KH: Farrell "crafts us" into better dancers. She emphasizes the scope of performance and of choreography - giving us a better vision of what we are performing, but it's all done in the context of 'just' steps.

MC: First time performing Apollo (Saturday night) = personalized private instructions for him

NM: No need for words - she 'looks at you' and you know what she's thinking (other dancers agree!). Notes that during the season, they are working 12 hour days (they started at 10 AM Saturday), while Farrell works even longer.

---

Audience questions:
1. Does your interpretation change as dancers move through a role?
KH: 'steals' from performance qualities of other dancers. You see something you like by someone else and try it out to see how it works on your own body.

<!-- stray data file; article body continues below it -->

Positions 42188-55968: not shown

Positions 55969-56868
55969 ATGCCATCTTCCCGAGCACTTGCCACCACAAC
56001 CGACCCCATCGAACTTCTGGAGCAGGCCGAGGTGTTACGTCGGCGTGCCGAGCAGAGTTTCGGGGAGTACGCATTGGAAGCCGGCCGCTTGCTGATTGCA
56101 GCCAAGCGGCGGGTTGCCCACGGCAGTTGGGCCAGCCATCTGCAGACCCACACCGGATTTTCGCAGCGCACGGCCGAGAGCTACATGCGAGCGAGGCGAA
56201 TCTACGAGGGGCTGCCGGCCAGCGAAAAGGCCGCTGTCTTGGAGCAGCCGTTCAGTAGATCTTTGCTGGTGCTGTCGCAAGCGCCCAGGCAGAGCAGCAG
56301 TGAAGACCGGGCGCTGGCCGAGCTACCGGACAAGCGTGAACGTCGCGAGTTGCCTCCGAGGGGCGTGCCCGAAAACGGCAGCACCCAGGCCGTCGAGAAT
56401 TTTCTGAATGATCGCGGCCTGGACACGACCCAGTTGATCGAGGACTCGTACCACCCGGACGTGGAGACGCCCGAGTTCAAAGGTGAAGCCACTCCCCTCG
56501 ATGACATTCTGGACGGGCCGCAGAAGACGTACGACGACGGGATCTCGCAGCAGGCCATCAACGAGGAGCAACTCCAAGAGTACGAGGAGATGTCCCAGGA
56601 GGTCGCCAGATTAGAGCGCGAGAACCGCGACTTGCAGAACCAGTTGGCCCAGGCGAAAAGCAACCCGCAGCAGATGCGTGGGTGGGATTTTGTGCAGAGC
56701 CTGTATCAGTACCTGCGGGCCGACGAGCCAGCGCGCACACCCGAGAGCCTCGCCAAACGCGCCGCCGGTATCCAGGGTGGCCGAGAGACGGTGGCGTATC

JL: this is first year dancing as a pro - so during rehearsals she is busy observing other dancers, particularly Natalia, learning different things that they are doing to incorporate into her own dancing

KM: each dancer is different - different performances of the same steps. Farrell is not so much interested in a uniform interpretation (KH, I think, cuts in here by cheekily adding "united individuality").

2. When did the dancers get into ballet?

MC: 5
NM: 7, but 'seriously' at age 9
JL: 4 or 5, 10 seriously
KH: acrobatics and tap at age 8, ballet at age 17
EH: 6 or 7
KM: jazz and tap at age 7, ballet at 11

The last question was about feet care and the prospect of customized shoes (yes, individual makers). The moderator then noted that the dancers needed to get ready for the evening performance and ended the Q&A there.